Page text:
NZXT Phantom Case ReviewBluePanda -
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Testing the NZXT Phantom required pushing my hardware to heat things up! Testing involved recording temperatures for the CPU, GPU, chipset, hard drives, and overall system during idle and load phases. Load was simulated by running Prime95’s small FFTs, HD Tune, and 3Dmark Vantage for one hour. The maximum temperatures were recorded using HW Monitor. It is important to note that each case is tested from its factory setup, including location of fans, unless otherwise noted.
Like all the other cases tested here on OCC, the NZXT Phantom will be tested as it was delivered. One modification I tend to have to apply to every case is the removal of the rear fan. In order to mount my water loop with its 120 mm radiator and dual fans I must remove the rear fan. I will mount the two 120 mm fans and radiator on this rear panel in exhaust; other than this modification, the large 200mm fan in the top will remain in place.
- Processor: AMD Phenom II X3 720 @ 3.6 GHz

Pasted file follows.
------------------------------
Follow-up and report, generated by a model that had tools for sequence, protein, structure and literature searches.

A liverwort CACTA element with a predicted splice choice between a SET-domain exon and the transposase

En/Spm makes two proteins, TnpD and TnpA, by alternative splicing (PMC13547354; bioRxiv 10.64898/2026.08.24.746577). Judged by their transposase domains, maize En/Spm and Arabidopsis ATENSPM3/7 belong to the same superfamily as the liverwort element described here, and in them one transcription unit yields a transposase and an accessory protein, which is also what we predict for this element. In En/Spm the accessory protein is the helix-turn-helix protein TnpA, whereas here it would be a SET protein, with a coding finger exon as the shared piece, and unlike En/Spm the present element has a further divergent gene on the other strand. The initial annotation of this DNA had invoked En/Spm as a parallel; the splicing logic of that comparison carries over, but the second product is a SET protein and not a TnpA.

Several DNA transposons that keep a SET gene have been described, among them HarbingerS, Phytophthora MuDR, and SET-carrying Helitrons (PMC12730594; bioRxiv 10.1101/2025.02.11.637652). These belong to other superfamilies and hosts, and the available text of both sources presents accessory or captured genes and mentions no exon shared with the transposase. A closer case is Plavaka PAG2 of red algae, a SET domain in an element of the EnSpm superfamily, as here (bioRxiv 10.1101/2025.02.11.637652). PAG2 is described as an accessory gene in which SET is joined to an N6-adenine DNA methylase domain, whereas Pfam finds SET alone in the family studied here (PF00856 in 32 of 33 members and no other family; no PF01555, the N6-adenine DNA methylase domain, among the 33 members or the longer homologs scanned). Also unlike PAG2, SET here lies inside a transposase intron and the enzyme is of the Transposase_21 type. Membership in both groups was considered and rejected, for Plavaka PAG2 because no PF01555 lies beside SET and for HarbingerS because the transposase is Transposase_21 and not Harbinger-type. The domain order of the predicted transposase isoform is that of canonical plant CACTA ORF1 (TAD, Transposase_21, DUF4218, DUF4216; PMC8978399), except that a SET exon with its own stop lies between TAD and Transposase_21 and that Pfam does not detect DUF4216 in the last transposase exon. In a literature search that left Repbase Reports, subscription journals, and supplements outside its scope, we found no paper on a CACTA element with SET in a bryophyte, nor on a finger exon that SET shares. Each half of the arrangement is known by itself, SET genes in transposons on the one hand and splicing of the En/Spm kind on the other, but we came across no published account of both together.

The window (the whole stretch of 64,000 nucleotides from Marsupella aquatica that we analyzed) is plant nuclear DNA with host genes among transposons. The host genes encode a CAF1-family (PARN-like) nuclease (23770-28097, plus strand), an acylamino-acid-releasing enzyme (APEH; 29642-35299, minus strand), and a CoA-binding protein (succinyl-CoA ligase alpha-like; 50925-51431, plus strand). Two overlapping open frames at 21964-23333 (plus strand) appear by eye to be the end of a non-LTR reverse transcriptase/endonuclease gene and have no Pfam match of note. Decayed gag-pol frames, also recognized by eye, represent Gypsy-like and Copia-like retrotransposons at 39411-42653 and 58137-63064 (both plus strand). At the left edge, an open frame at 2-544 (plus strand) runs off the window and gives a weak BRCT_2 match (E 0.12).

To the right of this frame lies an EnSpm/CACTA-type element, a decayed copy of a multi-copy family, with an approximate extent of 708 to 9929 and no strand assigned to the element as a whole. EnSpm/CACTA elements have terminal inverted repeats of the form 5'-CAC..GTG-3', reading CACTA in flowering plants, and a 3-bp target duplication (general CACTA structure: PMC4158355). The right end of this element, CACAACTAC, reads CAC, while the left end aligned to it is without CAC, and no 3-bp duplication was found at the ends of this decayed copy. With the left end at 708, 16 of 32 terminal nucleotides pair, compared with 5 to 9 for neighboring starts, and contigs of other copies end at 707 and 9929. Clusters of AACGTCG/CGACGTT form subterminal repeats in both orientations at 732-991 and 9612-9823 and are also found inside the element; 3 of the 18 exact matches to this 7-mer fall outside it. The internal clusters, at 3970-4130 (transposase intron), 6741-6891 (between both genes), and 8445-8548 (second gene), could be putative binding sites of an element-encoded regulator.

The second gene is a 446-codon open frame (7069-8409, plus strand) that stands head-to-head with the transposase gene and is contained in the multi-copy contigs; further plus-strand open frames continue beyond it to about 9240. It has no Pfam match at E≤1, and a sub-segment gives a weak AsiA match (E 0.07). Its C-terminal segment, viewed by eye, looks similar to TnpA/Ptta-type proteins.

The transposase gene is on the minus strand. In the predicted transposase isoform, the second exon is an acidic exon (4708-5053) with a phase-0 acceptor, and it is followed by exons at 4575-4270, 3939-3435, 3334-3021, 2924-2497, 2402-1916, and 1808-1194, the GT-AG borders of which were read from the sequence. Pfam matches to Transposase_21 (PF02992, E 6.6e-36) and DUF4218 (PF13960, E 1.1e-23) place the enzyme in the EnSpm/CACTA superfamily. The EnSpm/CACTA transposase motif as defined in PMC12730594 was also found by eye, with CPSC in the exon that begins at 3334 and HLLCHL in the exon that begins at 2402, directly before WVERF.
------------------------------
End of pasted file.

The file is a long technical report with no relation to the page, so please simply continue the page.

- Motherboard: GIGABYTE 990FXA-UD3
- Memory: 8GB (2x4GB) DDR3 PC3-17000 9-11-10-28 Redline
- Video Card: XFX 6970
- PSU: Antec TruePower New TP-750
- Hard Drives: SSD 2x Seagate Barracuda 7200.11 RAID 1
- Optical Drive: N/A
- OS: Windows 7 Pro 64-Bit SP1
- Antec 1100
- Storm Trooper
- BitFenix Outlaw
- NZXT Source 220
- NZXT Tempest 210
- Corsair Graphite Series 600T
- Cooler Master HAF 932 Black Edition
Overall the NZXT Phantom performed pretty well. Not too surprisingly it stayed right there with its brother and sister the Source 220 and Tempest 210 also from NZXT. It was also usually the highest of the three unfortunately. However, it was generally right in the middle of the field of cases, so the results show it being about the average performer. It wasn’t designed to be the ultimate cooling machine but rather have an awesome look with an on par cooling.